October 27, 2016 •

‘negative’ votes for him. Not a resounding endorsement after 3 terms. In the Mayoral race, there are two good reasons for under-voting. The first is to lodge a protest. The second is to reduce the burden for citizens to access the referendum process. Under-voting for Mayor is a protest opportunity for voters who are dissatisfied with the status quo. Because she won in the primary, Lucy Vinis will be the only candidate for Mayor on the ballot in November’s runoff. Her seat is secured. She is very smart, and will work hard. She may become an effective Mayor. What is troubling is that Vinis interpreted her win as an endorsement of the status quo. On election night she told the RG, “We’ve come through three terms with Mayor Piercy, I carry those values forward, and clearly those values are important to Eugeneans.” Her win meant, “…residents are generally satisfied with the political direction of the city.” She ignored that fact that her Republican opponent was so right-wing that voters may have voted for her as repudiation of him, or maybe voters hoped she would make better informed and transparent decisions than Piercy. “Under-voting,” for Mayor, will not jeopardize Vinis’s seat. No serious write-in campaign has been mounted. Therefore, by casting an under-vote you will send the message that voters do NOT endorse the status quo and demand real reform. Under-voting in the Mayor’s election also has the very important benefit of empowering Eugene voters to access the referendum process. When Council makes a bad decision without asking voters—like another regressive “City Service Fee,” or a new City Hall project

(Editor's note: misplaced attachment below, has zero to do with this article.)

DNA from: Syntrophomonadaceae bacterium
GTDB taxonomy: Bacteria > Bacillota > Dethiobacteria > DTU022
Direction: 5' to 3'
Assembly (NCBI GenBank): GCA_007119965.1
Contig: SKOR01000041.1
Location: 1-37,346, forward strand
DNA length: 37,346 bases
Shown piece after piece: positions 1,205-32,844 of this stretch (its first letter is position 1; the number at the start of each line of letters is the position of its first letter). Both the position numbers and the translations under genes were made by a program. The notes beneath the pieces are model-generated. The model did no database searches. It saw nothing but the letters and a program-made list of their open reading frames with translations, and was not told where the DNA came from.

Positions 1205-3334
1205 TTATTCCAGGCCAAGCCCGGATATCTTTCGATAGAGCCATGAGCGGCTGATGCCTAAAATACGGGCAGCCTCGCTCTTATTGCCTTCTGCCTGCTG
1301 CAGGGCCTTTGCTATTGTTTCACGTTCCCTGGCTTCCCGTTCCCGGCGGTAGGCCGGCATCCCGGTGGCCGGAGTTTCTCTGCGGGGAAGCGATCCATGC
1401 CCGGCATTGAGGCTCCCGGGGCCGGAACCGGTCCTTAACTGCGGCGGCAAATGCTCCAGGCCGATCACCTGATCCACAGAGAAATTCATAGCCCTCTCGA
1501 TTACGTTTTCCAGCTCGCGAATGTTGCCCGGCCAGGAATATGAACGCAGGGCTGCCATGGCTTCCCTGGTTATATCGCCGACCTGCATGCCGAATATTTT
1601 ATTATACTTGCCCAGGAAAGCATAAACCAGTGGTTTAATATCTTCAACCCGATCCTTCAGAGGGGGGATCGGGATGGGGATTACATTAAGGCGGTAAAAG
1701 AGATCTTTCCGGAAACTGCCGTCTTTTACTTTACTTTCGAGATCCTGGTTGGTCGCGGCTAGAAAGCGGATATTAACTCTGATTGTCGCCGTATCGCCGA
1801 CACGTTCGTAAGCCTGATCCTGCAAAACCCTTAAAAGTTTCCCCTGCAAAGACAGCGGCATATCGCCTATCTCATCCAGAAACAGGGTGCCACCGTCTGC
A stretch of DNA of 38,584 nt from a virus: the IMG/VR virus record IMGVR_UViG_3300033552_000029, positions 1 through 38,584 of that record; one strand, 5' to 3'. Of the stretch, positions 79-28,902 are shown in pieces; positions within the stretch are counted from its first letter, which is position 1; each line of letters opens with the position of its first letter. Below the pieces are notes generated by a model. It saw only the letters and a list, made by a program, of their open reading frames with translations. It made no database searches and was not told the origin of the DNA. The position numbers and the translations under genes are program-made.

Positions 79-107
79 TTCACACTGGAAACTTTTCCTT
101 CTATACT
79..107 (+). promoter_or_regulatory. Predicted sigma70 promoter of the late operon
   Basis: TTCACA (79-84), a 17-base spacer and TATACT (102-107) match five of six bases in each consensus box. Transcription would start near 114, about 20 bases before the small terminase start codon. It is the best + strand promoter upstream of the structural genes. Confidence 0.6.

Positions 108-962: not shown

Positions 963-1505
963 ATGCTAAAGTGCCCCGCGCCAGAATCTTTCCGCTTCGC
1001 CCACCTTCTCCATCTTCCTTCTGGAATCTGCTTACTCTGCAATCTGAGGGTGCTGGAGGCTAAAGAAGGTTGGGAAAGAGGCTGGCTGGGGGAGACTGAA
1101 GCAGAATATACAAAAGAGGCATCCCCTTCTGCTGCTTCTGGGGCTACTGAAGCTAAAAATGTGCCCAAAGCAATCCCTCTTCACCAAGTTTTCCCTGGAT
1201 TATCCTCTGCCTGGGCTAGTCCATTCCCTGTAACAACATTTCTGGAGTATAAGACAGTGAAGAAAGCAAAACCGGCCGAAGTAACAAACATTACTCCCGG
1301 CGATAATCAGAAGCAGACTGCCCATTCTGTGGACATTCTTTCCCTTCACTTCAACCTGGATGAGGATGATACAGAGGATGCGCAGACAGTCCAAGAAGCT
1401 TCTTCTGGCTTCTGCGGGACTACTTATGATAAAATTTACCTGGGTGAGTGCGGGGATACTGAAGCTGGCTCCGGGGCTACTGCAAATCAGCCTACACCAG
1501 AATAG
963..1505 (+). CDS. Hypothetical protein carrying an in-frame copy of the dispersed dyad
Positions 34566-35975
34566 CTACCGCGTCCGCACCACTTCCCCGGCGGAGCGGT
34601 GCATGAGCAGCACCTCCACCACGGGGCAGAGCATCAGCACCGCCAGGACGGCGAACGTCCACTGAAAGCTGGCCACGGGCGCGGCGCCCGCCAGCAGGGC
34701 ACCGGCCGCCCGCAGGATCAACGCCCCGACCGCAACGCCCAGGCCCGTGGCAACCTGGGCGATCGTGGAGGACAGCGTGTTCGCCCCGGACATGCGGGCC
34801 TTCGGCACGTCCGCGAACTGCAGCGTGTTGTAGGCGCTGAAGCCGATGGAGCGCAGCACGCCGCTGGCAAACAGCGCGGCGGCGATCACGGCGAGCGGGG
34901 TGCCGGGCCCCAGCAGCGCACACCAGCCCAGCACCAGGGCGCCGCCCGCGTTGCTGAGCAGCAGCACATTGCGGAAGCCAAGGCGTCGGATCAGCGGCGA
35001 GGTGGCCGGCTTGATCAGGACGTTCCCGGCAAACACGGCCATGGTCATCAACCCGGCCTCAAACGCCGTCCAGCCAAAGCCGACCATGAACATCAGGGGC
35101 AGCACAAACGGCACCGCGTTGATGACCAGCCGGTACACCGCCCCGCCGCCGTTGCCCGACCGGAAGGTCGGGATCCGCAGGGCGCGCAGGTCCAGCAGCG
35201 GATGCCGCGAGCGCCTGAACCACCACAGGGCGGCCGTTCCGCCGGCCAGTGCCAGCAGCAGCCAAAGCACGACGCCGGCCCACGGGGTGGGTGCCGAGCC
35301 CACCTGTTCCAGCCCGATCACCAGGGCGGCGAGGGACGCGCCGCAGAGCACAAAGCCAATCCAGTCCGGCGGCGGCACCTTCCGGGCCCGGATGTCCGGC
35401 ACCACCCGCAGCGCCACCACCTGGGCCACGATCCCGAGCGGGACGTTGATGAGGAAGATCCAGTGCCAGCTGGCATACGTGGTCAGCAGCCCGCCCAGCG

—Article IV of our Oregon Constitution guarantees citizens a remedy. The referendum process provides the right to refer a council action to the ballot. The requirements for a referendum are onerous. The signature gathering window is only 30 days—a week of which is consumed appealing City lawyer’s ballot language. And, here’s the crux —the number of signatures needed is 10% of all the votes cast for Mayor (including write-ins) in the last general election. In Piercy’s last runoff she received 42,862 votes plus 8,104 write-ins, totaling almost 51,000 votes. Her 27,913 under-votes don’t apply to the minimum 5,100 signatures needed (plus 20% margin for signatures the City disqualifies.) But the math changes after this November’s election. The number of signatures required will be based on the votes cast for Vinis (plus write-ins.) If you think there may be a bad decision in your city’s future, the referral process is another good reason to under-vote, and not write-in. In May’s primary, Vinis got 28,010 votes out of 53,340 cast (26% of registered voters.) The undervote was 6,590. This November, if voters cast many undervotes and few write-ins for Mayor, the burden on citizens referring bad decisions to the ballot will be substantially reduced for the next four years. Your under-vote counts. David Monk is a retired building contractor. Bonny Bettman McCornack is a retired RN and two-term City Councilor. Both are founding members of Checks & Balances.

to abandon the fever of war.